For our second session of Beer Blogging Friday I went a little farther from home and chose an old favorite, Westmalle Dubbel. Dubbel, of course, doesn’t mean the beer is double anything, but merely that it’s stronger than the single and not as strong as the tripel. It’s all relative, meaning the strength of dubbels can vary widely. Nor should the dubbel be based on the single but is more often its own and very separate style, as opposed to an Imperial or Double IPA (which is at least based on an IPA).
Westmalle undoubtedly made the first modern dubbel shortly after World War Two, and based it on a heavier beer they began making in 1926, which itself was based on a darker beer pioneered around 1856. So there’s quite a bit of history in every sip, though I don’t know if the brewer originally had a limp or not. I make that comment in reference to a Publican article by British beer writer Ben McFarland where he essentially excoriates amateur beer snobs, going so far as to call them “condescending clowns” and other rather insulting word portraits of his vision of the classic beer snob. One of these was the beer snobs “patronising dismissal of any beer that isn’t brewed by a 16th century monk with a limp.” In a later rebuttal of sorts on Rate Beer, McFarland indicated he intended the piece to be a “light-hearted article” but also that he was trying to make the point that “beer snobs are damaging beer’s appeal by taking it too seriously.” I frankly thought his article was in fact damaging to beer enthusiasts and enthusiasm, and said so. Though I more often very much enjoy McFarland’s writing style — his piece in the new issue of the Celebrator, for example, is priceless — this one seemed more vindictive and spiteful than it did tongue-in-cheek or funny.
But Westmalle Dubbel is without question, if not a beer snob’s beer, certainly a beer for the enthusiast or aficionado rather than McFarland’s “everyday chap.” That’s too bad, really, as it should be more of an everyday beer. The monks assuredly don’t view it as anything too special, just another beer in the mix, though perhaps reserved for a particular day, Good Friday for example. But compared with so much of what passes for beer, it really is quite extraordinary.
Some form of this beer was indeed more than likely brewed in the 16th century by a Trappist monk — though the limp remains purely speculative. It was revived again during the 19th century’s industrial revolution when many Abbey breweries began to modernize and then revived yet again in its present form some sixty years ago.
Happily, I’ve got the right glass for this beer and it’s finally warmed up enough to open it. It’s quiet in my office, and I can hear the bubbles crackle as I pour it down the center to release the CO2. The tan head recedes after a couple of minutes, revealing a deep mahogany color. I grandiosely swirl the glass to enhance the aroma and inhale ostentatiously (note: in case you missed it, this last bit is sarcasm, it was a regular swirl and I used my everyday nose). The nose is sweet and malty with some underlying fruitiness — raisins? — with a hint of characteristic nuttiness. The first sip is a jolt of sweetness with a raisiny, prune-like character. In subsequent tastes, the beer dances on my tongue with a pleasant effervescence. The malt character continues to change with time and chocolate notes become more common, as do tiny hints of banana and some kind of berry or fig that I can’t quite put my finger on. The finish is clean and dry.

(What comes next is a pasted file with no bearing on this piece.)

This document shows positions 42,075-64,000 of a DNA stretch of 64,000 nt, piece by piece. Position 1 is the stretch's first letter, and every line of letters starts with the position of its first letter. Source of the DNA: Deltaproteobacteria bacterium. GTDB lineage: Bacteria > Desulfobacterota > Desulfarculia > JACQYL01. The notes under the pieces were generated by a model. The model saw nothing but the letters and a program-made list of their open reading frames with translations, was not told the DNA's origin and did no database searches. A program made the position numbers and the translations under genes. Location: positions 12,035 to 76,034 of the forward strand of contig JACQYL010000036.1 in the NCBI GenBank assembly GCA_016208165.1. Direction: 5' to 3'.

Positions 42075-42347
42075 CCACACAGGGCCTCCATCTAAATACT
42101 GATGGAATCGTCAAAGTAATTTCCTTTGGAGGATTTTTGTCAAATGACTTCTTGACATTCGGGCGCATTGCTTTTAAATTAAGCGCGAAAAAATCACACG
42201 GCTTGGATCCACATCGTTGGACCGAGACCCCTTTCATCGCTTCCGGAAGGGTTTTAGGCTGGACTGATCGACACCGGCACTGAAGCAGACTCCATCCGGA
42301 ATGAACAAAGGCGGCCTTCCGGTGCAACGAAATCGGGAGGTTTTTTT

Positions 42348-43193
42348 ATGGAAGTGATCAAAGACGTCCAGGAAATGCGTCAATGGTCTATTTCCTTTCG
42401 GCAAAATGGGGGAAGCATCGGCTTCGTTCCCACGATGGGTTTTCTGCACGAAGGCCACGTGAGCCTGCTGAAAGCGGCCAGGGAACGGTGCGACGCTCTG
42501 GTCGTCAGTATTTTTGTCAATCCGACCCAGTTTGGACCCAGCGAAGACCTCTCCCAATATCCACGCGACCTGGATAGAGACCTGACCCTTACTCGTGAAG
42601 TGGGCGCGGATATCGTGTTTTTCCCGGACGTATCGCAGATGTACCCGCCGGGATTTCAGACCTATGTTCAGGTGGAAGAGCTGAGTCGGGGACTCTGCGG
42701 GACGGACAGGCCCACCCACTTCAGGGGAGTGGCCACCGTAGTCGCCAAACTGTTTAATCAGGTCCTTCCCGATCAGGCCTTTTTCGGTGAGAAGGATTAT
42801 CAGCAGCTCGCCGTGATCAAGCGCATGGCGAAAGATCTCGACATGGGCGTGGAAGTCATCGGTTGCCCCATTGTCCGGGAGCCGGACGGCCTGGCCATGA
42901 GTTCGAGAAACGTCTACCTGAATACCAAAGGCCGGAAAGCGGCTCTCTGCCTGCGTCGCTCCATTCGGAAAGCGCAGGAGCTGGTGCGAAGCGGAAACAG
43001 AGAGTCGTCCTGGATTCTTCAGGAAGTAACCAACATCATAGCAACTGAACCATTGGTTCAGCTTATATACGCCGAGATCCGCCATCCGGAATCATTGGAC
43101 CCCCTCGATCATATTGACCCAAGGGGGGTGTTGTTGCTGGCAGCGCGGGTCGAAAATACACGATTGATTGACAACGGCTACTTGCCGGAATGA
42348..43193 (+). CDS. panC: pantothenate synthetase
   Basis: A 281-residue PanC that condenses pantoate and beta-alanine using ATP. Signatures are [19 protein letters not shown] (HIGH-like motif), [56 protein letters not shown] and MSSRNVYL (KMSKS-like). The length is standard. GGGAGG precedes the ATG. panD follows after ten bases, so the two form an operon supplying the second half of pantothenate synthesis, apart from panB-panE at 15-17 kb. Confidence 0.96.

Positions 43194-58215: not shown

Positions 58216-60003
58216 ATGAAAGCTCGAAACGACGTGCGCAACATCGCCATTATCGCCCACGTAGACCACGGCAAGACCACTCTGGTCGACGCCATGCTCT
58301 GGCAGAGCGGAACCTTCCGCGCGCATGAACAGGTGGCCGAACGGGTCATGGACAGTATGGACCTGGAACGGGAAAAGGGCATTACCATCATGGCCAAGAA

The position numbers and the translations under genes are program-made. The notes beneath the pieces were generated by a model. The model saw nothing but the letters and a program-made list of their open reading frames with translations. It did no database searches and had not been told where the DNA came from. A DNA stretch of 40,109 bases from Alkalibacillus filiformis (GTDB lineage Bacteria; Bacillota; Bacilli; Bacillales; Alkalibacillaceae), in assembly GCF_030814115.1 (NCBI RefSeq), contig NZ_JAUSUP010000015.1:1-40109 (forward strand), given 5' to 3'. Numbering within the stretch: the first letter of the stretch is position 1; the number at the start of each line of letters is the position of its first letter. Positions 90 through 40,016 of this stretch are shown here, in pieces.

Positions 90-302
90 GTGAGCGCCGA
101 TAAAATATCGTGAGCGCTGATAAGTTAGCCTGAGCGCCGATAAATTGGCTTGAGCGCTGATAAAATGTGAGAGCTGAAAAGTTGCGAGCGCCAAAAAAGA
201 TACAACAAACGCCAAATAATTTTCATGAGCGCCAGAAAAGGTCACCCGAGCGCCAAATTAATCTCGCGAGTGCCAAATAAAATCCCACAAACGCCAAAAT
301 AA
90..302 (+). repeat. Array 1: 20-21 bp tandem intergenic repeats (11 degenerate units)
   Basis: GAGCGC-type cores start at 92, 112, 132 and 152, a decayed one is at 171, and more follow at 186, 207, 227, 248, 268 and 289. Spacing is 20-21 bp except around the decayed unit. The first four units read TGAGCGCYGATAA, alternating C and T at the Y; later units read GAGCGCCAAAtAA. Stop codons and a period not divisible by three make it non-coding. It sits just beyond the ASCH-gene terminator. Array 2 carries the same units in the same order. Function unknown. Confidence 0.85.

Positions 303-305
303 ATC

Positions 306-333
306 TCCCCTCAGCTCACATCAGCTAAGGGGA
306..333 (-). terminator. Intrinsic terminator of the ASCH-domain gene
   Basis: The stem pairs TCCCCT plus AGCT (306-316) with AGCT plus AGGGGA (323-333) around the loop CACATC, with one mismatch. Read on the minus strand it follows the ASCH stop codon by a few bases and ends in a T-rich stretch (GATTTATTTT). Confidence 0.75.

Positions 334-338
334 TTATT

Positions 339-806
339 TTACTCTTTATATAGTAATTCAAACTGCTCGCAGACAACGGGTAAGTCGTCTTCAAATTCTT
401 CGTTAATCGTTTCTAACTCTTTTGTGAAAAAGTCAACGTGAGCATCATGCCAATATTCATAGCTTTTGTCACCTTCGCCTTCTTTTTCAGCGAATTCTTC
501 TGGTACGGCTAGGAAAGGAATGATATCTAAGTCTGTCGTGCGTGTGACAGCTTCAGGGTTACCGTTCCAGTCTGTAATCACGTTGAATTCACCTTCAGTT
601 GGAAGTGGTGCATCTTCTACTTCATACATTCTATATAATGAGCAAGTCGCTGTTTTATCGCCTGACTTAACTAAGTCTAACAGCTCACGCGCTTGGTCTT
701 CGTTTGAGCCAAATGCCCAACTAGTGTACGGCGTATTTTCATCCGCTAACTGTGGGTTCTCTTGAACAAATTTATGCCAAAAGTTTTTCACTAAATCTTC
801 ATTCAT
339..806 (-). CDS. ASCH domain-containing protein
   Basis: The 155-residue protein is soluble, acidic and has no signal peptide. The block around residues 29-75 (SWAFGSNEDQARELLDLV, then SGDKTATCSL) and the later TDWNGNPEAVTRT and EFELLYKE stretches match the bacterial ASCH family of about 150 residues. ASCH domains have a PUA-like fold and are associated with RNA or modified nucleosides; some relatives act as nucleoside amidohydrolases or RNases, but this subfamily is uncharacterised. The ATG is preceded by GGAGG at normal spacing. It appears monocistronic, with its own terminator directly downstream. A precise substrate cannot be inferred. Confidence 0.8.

Westmalle’s Tripel deservedly gets a lot of attention, in the manner of a favorite son or daughter. But the dubbel is no Jan Brady, and has plenty of secret and not-so-secret admirers, of which I am unabashedly one. I’m sure I’m not the only person who will write about this beer today, as it is one of the truly great dubbels around.
But back to this question of beer snobs and how taking themselves too seriously might be “damaging beer’s appeal.” Westmalle’s Dubbel is, I think, a perfect example of a beer worthy to be taken seriously. Should that fact be off-putting to the novice or uninitiated? Must I tone down my enthusiasm for this beer so as not to scare off “potential drinkers?” Frankly, if anyone won’t try a Westmalle Dubbel because I waxed too lyrically about it or used “absurd verbal acrobatics” to describe it, then that person wasn’t ready yet anyway. I want to bring people over to the cause of better beer at least as much as McFarland does, possibly even more so, but I don’t think discouraging or disparaging a beer geek who’s stepped over the line into snobbery is a very helpful or effective tactic.
Like it or not, the people McFarland so disdains are the very people who can and will carry the message of good beer in their own personal missions. Will they always carry out their missionary work in a way we’d like, in the way we might do it, or even in a way that brings honor to the cause? Probably not, and at least not all the time.
But maybe, just maybe, those of us in the public eye as brewers or beer writers didn’t always know as much as we do today. Perhaps we once were empty vessels waiting to be filled, too. As I learned about better beer and began homebrewing, I tried to talk to anyone and everyone I knew about how good this stuff was, especially compared to the popular bile of the day. Did I make mistakes, overstep myself beyond what I really knew or make a fool of myself. Why yes, yes, I did. Was I a beer snob? Yes, from time to time I was insufferably so. Thank goodness nobody gave me the advice to just “shut up and drink it.” Because over time I learned more and more and made a fool of myself less and less. And I have personally introduced better beer to scores of people, who are today telling two friends, who in turn will tell two more, and so on and so on, dubbeling our pleasure at every turn.